Besides that the nutrients stored in these bodies would be lost, the soil could not be nourished. Thus, damage to the quality of the soil would cause a drastic decrease in plant life, ending the level of primary production.

Trophic levels

In food chains, energy passes from one level to another. Each of the mentioned categories constitutes a trophic level. The first is made up of all the great diversity of producers (plants of all kinds, cyanobacteria, among others).

Consumers, on the other hand, occupy several trophic levels. Those that feed exclusively on plants form the second trophic level and are called primary consumers. Examples of this are all herbivorous animals.

The secondary consumers are made up of carnivores – animals that eat meat. These are predators and their prey are, mainly, the primary consumers.

Finally, there is another level formed by tertiary consumers. Includes groups of carnivorous animals whose prey are other carnivorous animals belonging to secondary consumers.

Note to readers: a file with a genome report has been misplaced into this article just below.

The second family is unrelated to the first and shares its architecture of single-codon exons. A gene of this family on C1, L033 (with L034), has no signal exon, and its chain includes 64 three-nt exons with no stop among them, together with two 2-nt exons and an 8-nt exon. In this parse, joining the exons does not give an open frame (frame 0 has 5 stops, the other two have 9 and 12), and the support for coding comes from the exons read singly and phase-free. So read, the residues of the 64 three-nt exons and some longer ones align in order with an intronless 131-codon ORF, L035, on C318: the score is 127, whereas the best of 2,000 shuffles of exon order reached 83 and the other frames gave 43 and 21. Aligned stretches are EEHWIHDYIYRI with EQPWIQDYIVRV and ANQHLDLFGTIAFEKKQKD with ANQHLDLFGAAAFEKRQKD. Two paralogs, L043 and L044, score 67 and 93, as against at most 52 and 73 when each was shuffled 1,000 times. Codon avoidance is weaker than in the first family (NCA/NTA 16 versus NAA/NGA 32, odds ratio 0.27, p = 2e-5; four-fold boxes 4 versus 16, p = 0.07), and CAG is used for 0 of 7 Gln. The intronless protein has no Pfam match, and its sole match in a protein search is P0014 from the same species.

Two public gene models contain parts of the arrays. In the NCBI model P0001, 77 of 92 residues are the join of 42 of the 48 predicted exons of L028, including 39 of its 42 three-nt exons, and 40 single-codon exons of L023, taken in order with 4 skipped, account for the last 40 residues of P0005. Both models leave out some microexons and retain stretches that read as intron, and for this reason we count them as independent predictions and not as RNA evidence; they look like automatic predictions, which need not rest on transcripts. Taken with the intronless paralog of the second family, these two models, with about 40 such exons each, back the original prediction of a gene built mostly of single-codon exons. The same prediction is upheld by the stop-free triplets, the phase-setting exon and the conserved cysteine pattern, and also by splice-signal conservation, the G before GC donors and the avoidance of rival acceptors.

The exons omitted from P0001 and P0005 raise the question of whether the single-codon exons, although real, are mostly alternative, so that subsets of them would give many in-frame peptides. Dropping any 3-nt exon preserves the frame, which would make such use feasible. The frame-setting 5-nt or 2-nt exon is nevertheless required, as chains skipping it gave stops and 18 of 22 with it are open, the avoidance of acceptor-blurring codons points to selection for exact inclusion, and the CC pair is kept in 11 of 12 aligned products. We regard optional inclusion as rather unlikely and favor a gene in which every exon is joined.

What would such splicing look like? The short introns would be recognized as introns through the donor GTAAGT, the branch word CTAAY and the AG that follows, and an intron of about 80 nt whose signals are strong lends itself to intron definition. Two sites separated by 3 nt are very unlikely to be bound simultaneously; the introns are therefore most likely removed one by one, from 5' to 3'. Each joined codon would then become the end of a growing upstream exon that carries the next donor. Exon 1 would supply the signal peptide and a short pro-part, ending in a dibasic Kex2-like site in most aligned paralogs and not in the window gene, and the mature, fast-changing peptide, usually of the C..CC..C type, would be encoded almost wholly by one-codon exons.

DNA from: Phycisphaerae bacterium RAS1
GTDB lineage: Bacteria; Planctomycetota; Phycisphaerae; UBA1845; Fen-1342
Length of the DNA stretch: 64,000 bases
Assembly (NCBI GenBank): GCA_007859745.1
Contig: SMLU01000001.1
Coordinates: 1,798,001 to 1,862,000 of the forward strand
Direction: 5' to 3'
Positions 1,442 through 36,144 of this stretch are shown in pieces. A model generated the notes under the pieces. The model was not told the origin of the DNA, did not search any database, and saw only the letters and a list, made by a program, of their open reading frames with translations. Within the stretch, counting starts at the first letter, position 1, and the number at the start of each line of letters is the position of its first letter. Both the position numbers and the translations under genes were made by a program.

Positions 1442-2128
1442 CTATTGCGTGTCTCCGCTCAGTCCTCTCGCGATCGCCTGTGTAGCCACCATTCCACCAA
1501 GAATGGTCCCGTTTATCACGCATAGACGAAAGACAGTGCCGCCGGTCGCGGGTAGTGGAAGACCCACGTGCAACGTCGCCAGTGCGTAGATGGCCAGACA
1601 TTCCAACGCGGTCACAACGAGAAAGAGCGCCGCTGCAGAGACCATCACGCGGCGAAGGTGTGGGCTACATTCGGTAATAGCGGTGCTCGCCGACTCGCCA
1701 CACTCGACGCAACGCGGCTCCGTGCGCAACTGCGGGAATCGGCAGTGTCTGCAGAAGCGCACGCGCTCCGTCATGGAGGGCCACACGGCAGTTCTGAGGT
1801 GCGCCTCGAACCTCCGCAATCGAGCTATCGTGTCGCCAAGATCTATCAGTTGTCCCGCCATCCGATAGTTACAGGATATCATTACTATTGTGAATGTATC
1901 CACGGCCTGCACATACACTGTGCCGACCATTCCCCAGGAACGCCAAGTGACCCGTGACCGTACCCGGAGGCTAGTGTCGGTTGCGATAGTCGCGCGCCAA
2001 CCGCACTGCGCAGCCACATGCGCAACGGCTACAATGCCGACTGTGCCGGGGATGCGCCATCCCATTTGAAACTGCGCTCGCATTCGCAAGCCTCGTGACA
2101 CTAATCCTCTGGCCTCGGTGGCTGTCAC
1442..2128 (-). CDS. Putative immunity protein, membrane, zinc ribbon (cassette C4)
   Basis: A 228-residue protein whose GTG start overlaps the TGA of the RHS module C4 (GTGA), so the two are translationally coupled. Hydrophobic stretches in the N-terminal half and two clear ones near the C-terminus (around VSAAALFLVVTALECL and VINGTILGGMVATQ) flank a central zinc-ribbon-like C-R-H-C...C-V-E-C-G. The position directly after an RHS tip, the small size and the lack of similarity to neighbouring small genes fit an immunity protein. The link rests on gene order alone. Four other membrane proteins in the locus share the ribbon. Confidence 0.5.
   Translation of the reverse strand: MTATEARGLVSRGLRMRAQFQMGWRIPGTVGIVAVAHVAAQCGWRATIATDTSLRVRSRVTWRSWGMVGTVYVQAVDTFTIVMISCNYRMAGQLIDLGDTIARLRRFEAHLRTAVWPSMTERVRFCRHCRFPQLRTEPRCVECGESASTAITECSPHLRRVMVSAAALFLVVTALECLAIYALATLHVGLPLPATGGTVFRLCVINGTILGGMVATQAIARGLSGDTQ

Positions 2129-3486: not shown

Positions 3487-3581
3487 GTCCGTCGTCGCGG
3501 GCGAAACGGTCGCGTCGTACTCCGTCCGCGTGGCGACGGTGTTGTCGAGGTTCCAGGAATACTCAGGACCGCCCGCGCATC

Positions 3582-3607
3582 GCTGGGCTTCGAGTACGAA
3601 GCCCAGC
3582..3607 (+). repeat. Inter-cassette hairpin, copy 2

Network pattern

Food chains are graphic elements that seek to describe the relationships of species in a biological community, in terms of their diet. In didactic terms, this network exposes “who feeds on what or who”.

Each ecosystem presents a unique food web, and drastically different from what we could find in another type of ecosystem. Generally, food chains tend to be more complicated in aquatic ecosystems than in terrestrial ones.

Food webs are not linear

We should not expect to find a linear network of interactions, since in nature it is extremely difficult to precisely define the boundaries between primary, secondary and tertiary consumers.

The result of this pattern of interactions will be a network with multiple connections between the members of the system.

For example, some bears, rodents and even us humans are “omnivores”, which means that the feeding range is wide. In fact, the Latin term means “who eat everything.”

Thus, this group of animals can behave in some cases as a primary consumer, and later as a secondary consumer, or vice versa.

Moving on to the next level, carnivores generally feed on herbivores, or other carnivores. Therefore, they would be classified as secondary and tertiary consumers.

To exemplify the previous relationship, we can use owls. These animals are secondary consumers when they feed on small herbivorous rodents. But, when they consume insectivorous mammals, it is considered tertiary consumer.